Another not-to-be-missed restaurant is the Tommy Bahama Restaurant at the Shops at Wailea. From the crab bisque to the coconut shrimp and macademia-crusted mahi mahi, you can’t go wrong. Expect to wait at least 30 minutes for a table without a reservation, or plan to do that, because a couple doors down is the Célébrités Gallery of Celebrity Art which is exactly that – a gallery of memorabilia and art for sale from primarily musicians such as John Lennon, Paul McCartney, The Beatles, the Rolling Stones, and Jimi Hendrix, to name just a few.

Whether you entertain the eye-popping price tags or not, you can still be enthralled with the memorabilia, like original song lyrics jotted on a piece of paper, and photos on the wall of celebrities checking out other celebrities’ art. (P.S. I had the pleasure of sharing the pool one afternoon with none other than funny man Hank Azaria.) And there I was thinking I had left the Land of La La for the Land of Aloha…

But what would a Hawaiian vacation be without some adventure? One of the highlights of the trip was a day trek out to the Ka’anapali Coast, which we made in a “rough and tumble” yellow Jeep, my preferred method of transportation in the islands. Exploring the awesome vistas is a sight to be seen, with some areas that allow you multi-island views of Moloka’i, Lana’i, and Kahoolawe. (Molokini can be seen along the Wailea Coast.) It was here that we took up with Skyline Eco Adventures to go ziplining.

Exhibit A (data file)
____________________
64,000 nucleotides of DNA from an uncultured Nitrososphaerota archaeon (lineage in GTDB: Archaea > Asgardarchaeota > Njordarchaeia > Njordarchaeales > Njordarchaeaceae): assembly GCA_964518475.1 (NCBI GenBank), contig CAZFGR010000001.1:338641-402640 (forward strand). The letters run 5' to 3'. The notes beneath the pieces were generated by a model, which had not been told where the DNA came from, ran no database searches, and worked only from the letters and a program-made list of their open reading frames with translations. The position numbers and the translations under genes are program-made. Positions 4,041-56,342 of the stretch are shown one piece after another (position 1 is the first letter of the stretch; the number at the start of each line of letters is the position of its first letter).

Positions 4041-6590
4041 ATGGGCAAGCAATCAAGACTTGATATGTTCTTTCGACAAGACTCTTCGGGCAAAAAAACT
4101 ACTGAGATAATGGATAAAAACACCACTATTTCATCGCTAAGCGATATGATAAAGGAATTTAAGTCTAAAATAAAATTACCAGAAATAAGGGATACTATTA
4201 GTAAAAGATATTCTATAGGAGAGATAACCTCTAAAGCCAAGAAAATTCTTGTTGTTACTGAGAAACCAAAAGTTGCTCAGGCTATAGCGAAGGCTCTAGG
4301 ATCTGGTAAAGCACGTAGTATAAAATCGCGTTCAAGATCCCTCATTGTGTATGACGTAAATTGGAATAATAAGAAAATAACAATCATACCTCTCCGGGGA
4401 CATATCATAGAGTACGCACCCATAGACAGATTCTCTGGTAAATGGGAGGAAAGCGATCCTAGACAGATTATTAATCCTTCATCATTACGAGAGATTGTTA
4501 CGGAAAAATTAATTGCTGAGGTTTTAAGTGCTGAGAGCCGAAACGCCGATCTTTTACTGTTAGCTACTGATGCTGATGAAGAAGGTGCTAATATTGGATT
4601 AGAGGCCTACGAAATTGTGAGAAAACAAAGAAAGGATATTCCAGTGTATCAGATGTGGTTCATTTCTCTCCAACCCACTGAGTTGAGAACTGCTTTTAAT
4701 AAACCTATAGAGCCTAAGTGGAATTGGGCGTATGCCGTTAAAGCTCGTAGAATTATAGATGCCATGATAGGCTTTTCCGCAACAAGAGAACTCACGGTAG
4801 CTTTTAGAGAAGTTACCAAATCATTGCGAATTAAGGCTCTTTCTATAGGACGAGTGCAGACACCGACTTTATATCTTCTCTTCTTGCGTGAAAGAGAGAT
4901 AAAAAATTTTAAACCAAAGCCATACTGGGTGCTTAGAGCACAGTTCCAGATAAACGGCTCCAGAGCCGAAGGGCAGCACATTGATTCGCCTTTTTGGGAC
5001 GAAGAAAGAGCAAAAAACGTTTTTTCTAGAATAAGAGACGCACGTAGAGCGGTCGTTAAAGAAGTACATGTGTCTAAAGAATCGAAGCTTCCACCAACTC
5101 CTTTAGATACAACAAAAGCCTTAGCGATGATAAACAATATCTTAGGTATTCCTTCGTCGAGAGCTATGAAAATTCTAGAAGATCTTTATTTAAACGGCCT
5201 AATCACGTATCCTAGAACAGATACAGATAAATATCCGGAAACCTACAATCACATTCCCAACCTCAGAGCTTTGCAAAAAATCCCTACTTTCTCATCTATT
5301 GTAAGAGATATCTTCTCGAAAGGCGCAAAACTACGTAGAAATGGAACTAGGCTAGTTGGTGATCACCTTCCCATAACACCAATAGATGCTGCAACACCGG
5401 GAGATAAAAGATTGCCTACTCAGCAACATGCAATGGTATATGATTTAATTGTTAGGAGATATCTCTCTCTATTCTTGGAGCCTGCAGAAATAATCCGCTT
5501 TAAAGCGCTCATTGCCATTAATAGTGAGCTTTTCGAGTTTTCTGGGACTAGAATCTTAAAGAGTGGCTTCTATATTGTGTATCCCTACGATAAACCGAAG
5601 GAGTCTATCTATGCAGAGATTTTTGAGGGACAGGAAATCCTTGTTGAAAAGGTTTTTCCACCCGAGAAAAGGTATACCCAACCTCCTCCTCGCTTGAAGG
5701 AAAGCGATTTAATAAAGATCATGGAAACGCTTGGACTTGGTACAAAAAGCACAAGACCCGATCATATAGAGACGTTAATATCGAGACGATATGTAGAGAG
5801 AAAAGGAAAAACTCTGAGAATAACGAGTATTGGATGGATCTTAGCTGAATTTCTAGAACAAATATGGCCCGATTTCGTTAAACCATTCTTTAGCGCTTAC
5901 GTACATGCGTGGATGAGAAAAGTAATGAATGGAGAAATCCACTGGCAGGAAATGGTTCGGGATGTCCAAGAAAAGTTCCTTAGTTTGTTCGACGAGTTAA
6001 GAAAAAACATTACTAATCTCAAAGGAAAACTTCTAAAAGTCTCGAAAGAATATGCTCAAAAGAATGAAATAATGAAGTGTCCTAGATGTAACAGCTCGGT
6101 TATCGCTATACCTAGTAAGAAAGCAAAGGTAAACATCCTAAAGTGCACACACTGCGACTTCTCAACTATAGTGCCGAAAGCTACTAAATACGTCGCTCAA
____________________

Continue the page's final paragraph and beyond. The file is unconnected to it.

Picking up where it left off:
The van trip to the top of Mount Kahalawai makes the rough and tumble jeep seem tame, with helmets mandatory on the drive up. Once there, our group of 15 was led by two guides, Pete and BJ, who could have been an incarnation of Owen Wilson with their comedic antics and perfectly-timed jokes. Four hours later, our group had made eight zipline crossings, the final line being 1200 feet of speedy fun.